BRUSSELS, Dec. 1 (UPI) -- NATO foreign ministers agreed on Tuesday to keep 12,000 troops in Afghanistan through 2016 to assist local security forces.
NATO Secretary-General Jens Stoltenberg made the announcement in Brussels, Belgium.
The Voice of America quoted Stoltenberg as saying NATO would field "approximately 12,000 troops" for the Resolute Support Mission, which provides Afghan security forces with training, advice and assistance. The figure is a rough match to current NATO troop strength in the country, he said.
The Resolute Support Mission began in January after NATO handed responsibility for security in Afghanistan to local forces, which have since experienced a rise in attacks on soldiers and police by insurgents.
The Taliban captured several districts and cities in Afghanistan this year -- including the Musa Qala district of Helmand province in August and the northern city of Kunduz in September -- but lost them to counter-attacking Afghan security forces backed by U.S. airstrikes.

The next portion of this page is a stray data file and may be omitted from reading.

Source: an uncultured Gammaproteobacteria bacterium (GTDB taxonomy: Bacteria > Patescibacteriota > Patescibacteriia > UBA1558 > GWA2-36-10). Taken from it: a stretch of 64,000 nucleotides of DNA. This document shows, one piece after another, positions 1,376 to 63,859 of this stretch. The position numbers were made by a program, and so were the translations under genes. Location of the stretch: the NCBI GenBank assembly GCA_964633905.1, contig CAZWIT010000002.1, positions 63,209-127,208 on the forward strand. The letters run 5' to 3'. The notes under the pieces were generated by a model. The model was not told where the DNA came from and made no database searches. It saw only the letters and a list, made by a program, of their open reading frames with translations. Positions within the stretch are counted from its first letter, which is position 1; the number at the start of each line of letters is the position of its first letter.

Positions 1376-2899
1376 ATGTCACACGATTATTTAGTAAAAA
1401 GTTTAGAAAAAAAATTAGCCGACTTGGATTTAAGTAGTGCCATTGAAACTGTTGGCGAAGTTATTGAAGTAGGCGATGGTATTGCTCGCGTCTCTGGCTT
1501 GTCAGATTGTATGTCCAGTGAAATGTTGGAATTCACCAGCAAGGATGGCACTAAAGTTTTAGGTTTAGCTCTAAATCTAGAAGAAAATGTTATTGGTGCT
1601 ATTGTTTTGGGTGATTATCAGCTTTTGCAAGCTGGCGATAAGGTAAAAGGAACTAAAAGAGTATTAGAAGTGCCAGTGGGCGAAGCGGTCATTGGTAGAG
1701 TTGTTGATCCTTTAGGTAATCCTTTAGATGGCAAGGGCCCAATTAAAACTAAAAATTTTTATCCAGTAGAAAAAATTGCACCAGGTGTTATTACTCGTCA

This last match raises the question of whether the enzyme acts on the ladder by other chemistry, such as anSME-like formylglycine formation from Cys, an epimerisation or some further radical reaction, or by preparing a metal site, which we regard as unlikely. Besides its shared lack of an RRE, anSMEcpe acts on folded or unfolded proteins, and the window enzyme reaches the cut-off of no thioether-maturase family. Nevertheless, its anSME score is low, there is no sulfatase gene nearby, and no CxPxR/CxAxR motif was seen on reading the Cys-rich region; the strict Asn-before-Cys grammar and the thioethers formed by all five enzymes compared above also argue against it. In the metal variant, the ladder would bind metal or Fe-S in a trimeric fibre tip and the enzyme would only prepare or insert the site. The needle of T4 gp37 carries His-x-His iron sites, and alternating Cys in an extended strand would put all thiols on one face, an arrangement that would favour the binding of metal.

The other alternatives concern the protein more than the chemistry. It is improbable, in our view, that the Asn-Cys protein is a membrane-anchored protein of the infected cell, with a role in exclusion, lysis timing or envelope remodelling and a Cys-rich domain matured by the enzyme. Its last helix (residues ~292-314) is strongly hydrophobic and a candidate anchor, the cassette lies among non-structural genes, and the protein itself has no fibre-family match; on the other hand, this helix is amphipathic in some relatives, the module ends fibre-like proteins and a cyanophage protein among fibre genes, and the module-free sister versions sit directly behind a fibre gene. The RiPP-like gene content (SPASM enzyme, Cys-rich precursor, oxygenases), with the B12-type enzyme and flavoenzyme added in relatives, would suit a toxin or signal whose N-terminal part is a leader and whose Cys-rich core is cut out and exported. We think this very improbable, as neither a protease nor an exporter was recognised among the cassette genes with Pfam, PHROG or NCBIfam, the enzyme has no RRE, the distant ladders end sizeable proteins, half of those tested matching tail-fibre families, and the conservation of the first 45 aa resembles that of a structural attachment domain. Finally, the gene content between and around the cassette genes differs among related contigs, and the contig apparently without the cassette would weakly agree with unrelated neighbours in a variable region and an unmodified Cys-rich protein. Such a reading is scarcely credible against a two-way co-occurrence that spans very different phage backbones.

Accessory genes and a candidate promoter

In a statement released Tuesday, NATO foreign ministers said Afghan security forces "continue to make steady progress and to learn lessons, but challenges and capability gaps persist. NATO Allies and Resolute Support operational partners commend and support their efforts, which need to be sustained and enhanced."
Tuesday's announcement came two days after the Afghan defense ministry said security forces killed five Islamic State militants in eastern Afghanistan, where IS groups have concentrated after breaking away from the Taliban.